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9 Tips for Talking to Teens

Dr. Patricia Nan Anderson


At age four or five your child talks your ear off. But then, when she hits the teen years, she clams up. How can you keep your kid talking to you? Here are nine tricks to try.

  1. Ask questions that can’t be answered with a single word or just by “yes” or “no.”  Instead of asking “How was your day?” (and get “fine” or just a shrug),  say, “Tell me about your day.”
  2. Ask her opinion about something (and don’t argue about  what she tells you). Ask, “How do you think I should vote on the plastic bag tax?” or “What color should we paint the family room?”
  3. Ask for help in solving a problem.  This can be a simple decision, “Should we call out for pizza or have Chinese tonight?” or it could be something more engaging: “Can you hold this end while I measure this? The measuring tape keeps falling off…”
  4. If you get no answer, answer your own question, as if talking to yourself, and leave a space for your child to chime in. “Tell me about your day” (no answer). “Let’s see, it’s Tuesday so that means you had English. Are you still reading The Old Man and The Sea?” (no answer). I remember reading that… I had trouble getting into it…” (by now you should have got some response, but if not, try again later).
  5. Avoid asking personal questions or personal questions about her friends. Teens count as personal questions anything about which parents are too old and too out-of-touch to be qualified to discuss. So don’t try to demonstrate your knowledge of popular culture. Just keep it neutral.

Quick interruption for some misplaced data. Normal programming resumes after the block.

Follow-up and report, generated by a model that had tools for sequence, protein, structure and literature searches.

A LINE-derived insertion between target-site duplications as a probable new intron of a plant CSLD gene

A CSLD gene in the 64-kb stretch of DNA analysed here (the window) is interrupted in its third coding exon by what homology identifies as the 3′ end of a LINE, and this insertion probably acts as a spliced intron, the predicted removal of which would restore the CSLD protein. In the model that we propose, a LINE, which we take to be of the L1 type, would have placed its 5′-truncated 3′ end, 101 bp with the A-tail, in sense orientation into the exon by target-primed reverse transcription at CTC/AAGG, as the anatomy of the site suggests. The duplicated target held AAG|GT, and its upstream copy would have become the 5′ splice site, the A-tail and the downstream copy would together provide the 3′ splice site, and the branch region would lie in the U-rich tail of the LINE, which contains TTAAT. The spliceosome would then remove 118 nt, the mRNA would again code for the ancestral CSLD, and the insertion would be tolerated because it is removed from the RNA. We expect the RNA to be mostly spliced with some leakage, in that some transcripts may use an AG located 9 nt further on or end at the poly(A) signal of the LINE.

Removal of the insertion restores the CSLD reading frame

6. Try striking up a conversation when you’re both in the car or doing something together. Talking in the car is great because your child can’t get away, the conversation has a natural end-point when you get to your destination, and neither of you can strangle the other. But keep it casual. Avoid trapping your kid in the car for a serious heart-to-heart.
  7. Don’t shout or rush things. Use short sentences and leave spaces so your kid can also talk. And listen. Please listen.
  8. Avoid saying anything about her refusal to talk or your frustration with this or how hard you’re trying. If you don’t get a response when you talk, let it go and try again another time.
  9. Smile. Be pleasant and supportive no matter what.

Eventually, your child will want to talk with you, maybe about something important to you both. Knowing you are ready and eager to listen will encourage her. So keep the door open, avoid argument and hassle, and treat her with respect. Your little chatterbox is a bit more reserved these days, but together you can find things to say.

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Dr. Patricia Nan Anderson

Dr. Patricia Anderson is a nationally acclaimed educational psychologist and the author of “Parenting: A Field Guide.” Dr. Anderson is on the Early Childhood faculty at Walden University and she is a Contributing Editor for Advantage4Parents.